3. Top Down - Dan Tok, CEO of Skanska in the Czech Republic and Slovakia saw this as a personal attack and it was recommended that he personally be the one voice in communications,
4. Transparency – even before Minister Barta’s surprise announcement, Dan Tok had become vocal in the call for transparency and improved public procurement legislation; it was suggested that he greatly accelerate his activities in this arena,
5. Scare tactic – The Czech Republic has been on the losing end of litigation and international arbitration for years, and when the time was right, it was recommended that Skanska pull out the international arbitration and legal action card.
Skanska’s response for the next 48 hours was that the corporation was surprised, that it doesn’t know of any of these claims and it will reserve cool judgment and investigate internally before making any further statements.
The Next 5 Days…
1. On Tuesday afternoon, 2 days after the TV show, CEO Tok sent Minister Barta an open letter responding that he has no idea what the Minister was talking about, demanding the signs be removed and requesting a meeting to discuss the issue in a constructive manner; but in the name of public transparency, he requested that the meeting be in front of the media. This letter was sent to Minister Barta and the journalists.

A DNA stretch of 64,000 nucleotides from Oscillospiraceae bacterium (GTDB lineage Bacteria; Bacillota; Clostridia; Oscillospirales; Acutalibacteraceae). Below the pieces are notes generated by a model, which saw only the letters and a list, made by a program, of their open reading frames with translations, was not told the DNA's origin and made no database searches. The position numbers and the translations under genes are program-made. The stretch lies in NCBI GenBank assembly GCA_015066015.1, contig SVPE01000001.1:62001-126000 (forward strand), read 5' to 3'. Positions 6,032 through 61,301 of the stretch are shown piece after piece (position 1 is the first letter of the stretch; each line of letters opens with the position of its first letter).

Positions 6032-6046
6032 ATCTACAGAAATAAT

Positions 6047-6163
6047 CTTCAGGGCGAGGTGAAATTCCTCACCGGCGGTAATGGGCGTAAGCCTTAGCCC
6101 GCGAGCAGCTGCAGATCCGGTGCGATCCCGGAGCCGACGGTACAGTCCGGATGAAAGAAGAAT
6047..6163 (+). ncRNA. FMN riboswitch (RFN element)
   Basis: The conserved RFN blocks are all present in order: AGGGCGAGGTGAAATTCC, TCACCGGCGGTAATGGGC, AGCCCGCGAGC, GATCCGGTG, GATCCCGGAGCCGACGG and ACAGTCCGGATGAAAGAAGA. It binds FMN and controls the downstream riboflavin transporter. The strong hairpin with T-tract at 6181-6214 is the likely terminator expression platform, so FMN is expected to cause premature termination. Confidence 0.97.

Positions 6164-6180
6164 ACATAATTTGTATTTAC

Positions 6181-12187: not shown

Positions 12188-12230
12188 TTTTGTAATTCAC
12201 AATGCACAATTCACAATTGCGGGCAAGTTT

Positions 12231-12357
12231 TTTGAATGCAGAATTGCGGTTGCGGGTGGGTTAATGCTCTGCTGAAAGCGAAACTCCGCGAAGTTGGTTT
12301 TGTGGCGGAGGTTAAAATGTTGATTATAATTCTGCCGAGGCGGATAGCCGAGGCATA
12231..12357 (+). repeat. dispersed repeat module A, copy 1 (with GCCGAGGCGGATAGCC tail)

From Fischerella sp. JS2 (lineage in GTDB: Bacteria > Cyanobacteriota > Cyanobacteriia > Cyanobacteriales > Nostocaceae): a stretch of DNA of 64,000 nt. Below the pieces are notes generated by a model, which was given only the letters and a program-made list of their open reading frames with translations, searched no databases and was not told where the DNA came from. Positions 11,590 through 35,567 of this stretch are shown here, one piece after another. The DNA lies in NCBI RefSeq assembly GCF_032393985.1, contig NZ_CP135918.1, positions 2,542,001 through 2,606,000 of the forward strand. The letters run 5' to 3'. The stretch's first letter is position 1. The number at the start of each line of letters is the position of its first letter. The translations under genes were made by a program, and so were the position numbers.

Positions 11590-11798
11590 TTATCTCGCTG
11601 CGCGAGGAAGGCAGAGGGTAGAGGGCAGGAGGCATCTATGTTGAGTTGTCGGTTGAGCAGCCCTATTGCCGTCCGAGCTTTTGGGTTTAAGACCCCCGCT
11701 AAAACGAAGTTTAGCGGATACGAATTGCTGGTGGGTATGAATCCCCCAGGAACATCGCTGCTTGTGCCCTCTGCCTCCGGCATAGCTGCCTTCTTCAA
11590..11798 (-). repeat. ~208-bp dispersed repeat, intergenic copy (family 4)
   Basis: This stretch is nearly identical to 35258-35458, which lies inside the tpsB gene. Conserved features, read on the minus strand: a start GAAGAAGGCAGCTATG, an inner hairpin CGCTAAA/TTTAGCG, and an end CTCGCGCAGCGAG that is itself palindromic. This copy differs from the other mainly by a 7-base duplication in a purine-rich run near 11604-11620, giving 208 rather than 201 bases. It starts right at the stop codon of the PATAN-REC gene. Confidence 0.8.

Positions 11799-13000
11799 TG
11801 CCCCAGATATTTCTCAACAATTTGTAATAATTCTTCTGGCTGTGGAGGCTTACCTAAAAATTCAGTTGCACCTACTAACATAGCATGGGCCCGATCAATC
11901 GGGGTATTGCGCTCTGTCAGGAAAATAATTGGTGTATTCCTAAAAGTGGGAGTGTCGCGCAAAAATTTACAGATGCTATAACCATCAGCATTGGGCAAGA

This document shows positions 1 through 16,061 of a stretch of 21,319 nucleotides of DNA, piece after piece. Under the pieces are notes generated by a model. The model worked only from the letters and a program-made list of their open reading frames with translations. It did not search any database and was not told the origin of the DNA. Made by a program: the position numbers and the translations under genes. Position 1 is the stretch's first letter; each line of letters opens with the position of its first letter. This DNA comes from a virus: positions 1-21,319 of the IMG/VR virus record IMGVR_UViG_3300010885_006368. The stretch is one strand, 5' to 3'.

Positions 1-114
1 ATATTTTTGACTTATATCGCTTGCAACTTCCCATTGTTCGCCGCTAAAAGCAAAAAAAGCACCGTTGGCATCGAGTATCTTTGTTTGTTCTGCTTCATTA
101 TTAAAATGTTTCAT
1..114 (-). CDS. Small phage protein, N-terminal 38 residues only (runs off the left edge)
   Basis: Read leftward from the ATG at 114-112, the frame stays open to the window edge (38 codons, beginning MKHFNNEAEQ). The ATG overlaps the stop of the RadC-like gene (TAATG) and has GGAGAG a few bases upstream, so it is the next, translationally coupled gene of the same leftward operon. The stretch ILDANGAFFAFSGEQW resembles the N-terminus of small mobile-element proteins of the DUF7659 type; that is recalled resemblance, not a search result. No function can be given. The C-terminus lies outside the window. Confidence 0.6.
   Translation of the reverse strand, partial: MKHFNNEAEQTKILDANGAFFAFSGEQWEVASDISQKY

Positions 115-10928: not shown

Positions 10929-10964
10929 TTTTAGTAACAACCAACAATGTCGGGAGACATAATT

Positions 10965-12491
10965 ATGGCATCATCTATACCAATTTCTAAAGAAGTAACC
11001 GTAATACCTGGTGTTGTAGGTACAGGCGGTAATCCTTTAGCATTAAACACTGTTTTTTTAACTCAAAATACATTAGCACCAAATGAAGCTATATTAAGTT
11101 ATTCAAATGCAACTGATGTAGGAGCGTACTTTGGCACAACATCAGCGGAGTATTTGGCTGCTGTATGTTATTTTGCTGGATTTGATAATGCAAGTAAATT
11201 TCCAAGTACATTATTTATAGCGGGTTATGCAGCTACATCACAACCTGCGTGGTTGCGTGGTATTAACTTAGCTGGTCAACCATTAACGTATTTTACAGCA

!!! This was an unprecedented move and helped Skanska (especially in the eyes of the media) for many reasons. First of all, it sent a signal internally: your leader is ready to fight the Minister publically, that’s how much he believes in the quality of your work. Secondly, never before had a corporation invited the media to witness the negotiations in such a high profile conflict. This sent the media a message that Skanska was so sure of its position that they were ready to take on Minister Barta publically.
2. On Wednesday afternoon, Minister Barta called for a press conference the next day but never officially responded to Skanska’s letter; again he was communicating to Skanska only through the media!
NOTE: the signs were still up on the highways and this was still big/national news.
At the press conference, Minister Barta gave a very short introduction and then handed the communications over to Jiri Svorc, CEO of the Highway Authority, before quickly exiting the auditorium. Mr. Svorc was clearly very nervous, was unable to answer any concrete questions and was very weak in convincing the public of the legitimacy of the claims.
This was the moment of change when the media began to wonder what was going on as it was obvious that this sub-standard and quite frankly, unethical behavior; something was not right…
3. At this point Skanska, with questions and speculations about Minister Barta’s motivations, announced that they are seeking an immediate court injunction to remove the signs.
The media began to publically speculate about the odd actions taken by the minister, and started to criticize his form of communications. Skanska and Ewing PR moved forward:
• answering questions, providing interviews, preparing info/stats etc
• fully cooperating with the Highway Authority
• not letting up on the legal action path (the Czech courts eventually ruled in favor of Skanska and the signs were removed)
• increasingly concentrating on CEO Tok’s initiatives in business transparency, anti-corruption and public procurement;
Outside of the above, a parallel set of events started to unfold.